Thursday, March 09, 2006

Asylum-seekers in Australia remain in long-term limbo

It is worth reflecting on the Amnesty report of last year that "estimates that as at 29 May 2005, 210 people detained in Australian immigration facilities (including the offshore centre on the South Pacific island of Nauru) had been there for over 18 months. The longest serving detainee at that time was Peter Qasim, a rejected Kashmiri asylum-seeker who had been held since September 1998. Australian law requires that a non-national in Australia without a valid visa must be detained until he or she is either granted a temporary protection visa or leaves the country. Rejected asylum-seekers such as Peter Qasim, who cannot leave Australia because no country will accept him as a national or allow him entry, face being detained indefinitely...Australia’s mandatory detention regime places it in breach of several of the inter-national human rights treaties which it has signed up to, including the International Covenant on Civil and Political Rights and the Convention on the Rights of the Child. In June the Australian Prime Minister announced several changes to the detention regime, intended to soften its edges without altering the fundamental policy.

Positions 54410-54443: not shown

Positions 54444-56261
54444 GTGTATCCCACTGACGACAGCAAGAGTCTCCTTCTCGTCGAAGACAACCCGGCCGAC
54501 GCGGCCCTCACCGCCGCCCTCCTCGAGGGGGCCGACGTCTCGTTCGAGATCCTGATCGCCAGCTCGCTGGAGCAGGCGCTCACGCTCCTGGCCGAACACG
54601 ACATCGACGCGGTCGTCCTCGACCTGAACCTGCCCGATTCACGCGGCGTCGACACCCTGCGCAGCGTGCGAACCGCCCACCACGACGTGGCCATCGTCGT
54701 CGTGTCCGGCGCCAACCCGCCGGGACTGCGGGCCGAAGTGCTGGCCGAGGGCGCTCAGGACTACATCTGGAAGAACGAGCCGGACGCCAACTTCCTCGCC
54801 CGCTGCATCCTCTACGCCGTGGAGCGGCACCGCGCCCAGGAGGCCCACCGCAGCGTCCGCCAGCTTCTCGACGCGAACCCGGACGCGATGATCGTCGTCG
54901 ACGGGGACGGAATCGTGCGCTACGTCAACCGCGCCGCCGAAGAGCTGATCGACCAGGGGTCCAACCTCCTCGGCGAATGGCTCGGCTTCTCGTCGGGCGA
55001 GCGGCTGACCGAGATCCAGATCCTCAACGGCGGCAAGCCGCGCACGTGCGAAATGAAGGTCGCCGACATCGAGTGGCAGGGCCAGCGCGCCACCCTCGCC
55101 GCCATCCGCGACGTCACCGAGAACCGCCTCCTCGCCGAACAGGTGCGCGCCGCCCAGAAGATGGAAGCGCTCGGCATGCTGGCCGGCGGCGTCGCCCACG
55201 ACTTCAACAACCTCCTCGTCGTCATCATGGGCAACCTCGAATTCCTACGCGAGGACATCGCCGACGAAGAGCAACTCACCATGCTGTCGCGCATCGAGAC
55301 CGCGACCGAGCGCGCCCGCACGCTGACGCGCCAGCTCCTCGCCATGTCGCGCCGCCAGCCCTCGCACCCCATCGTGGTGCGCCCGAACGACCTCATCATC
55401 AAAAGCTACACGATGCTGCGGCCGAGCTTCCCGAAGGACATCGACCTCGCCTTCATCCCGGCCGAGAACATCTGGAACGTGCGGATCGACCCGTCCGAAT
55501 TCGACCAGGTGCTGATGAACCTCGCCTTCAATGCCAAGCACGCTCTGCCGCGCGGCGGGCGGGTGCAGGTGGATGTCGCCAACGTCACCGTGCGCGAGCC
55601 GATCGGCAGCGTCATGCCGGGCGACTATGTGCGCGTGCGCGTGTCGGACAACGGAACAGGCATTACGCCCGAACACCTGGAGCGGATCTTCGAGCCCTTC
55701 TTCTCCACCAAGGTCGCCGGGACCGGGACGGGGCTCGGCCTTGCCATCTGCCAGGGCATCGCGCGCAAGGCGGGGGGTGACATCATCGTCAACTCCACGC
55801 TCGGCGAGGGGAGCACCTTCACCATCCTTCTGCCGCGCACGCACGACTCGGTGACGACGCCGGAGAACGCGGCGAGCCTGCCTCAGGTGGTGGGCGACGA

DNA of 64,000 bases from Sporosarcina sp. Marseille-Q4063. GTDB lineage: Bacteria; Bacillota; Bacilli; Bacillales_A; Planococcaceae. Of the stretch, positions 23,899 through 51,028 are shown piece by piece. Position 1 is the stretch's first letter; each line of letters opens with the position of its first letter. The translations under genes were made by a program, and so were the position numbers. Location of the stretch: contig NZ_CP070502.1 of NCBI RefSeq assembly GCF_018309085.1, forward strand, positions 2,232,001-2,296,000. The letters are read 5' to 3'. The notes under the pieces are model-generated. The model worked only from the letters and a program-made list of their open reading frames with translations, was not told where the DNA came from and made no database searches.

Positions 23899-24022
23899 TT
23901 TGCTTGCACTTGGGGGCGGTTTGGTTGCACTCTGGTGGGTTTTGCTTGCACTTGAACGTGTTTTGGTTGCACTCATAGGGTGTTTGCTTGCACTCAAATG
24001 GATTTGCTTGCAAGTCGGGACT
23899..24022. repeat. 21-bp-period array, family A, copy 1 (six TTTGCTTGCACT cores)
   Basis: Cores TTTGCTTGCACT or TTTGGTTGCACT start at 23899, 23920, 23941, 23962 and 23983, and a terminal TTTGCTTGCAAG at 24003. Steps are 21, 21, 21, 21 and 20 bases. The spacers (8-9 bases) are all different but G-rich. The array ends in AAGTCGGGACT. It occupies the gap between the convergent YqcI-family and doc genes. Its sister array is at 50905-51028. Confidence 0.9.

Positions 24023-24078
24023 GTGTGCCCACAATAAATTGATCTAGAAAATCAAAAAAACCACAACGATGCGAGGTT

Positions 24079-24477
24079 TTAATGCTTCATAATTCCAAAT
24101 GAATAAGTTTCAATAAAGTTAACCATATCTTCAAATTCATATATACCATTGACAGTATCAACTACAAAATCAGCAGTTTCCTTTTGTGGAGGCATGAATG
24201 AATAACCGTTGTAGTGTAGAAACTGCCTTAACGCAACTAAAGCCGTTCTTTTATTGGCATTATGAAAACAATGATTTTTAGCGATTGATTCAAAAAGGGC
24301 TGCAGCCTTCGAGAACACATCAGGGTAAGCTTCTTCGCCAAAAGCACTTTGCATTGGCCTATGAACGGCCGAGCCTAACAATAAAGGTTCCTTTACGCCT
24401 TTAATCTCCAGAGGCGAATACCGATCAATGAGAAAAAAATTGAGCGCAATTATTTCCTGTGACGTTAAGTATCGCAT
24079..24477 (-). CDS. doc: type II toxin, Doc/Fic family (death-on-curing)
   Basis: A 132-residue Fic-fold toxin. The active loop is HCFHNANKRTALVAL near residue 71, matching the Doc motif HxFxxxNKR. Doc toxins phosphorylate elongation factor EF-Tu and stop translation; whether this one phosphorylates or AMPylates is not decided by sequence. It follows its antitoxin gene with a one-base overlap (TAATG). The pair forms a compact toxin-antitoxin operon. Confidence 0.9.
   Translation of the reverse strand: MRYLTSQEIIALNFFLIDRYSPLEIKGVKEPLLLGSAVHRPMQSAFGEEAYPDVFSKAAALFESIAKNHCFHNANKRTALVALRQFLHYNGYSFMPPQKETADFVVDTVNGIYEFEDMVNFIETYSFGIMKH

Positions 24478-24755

While the changes are a step in the right direction, they have not adequately addressed the key recommendations made in AI’s report. Unless further changes are made asylum-seekers who arrive without a valid visa will continue to be automatically detained in contravention of Australia’s obligations under international human rights and refugee law. They will continue to be held without an assessment of whether their detention is necessary and proportionate, and without access to review by an independent body able to order a release.

The only safeguard against indefinite detention will be the Minister for Immigration’s discretion – which she cannot be forced to use. And any alternative to indefinite detention for rejected asylum-seekers who cannot be returned will also be at the Minister’s discretion."

Experience has shown that anything left to the discretion of this government's Ministers is likely to lead to further human rights violations.

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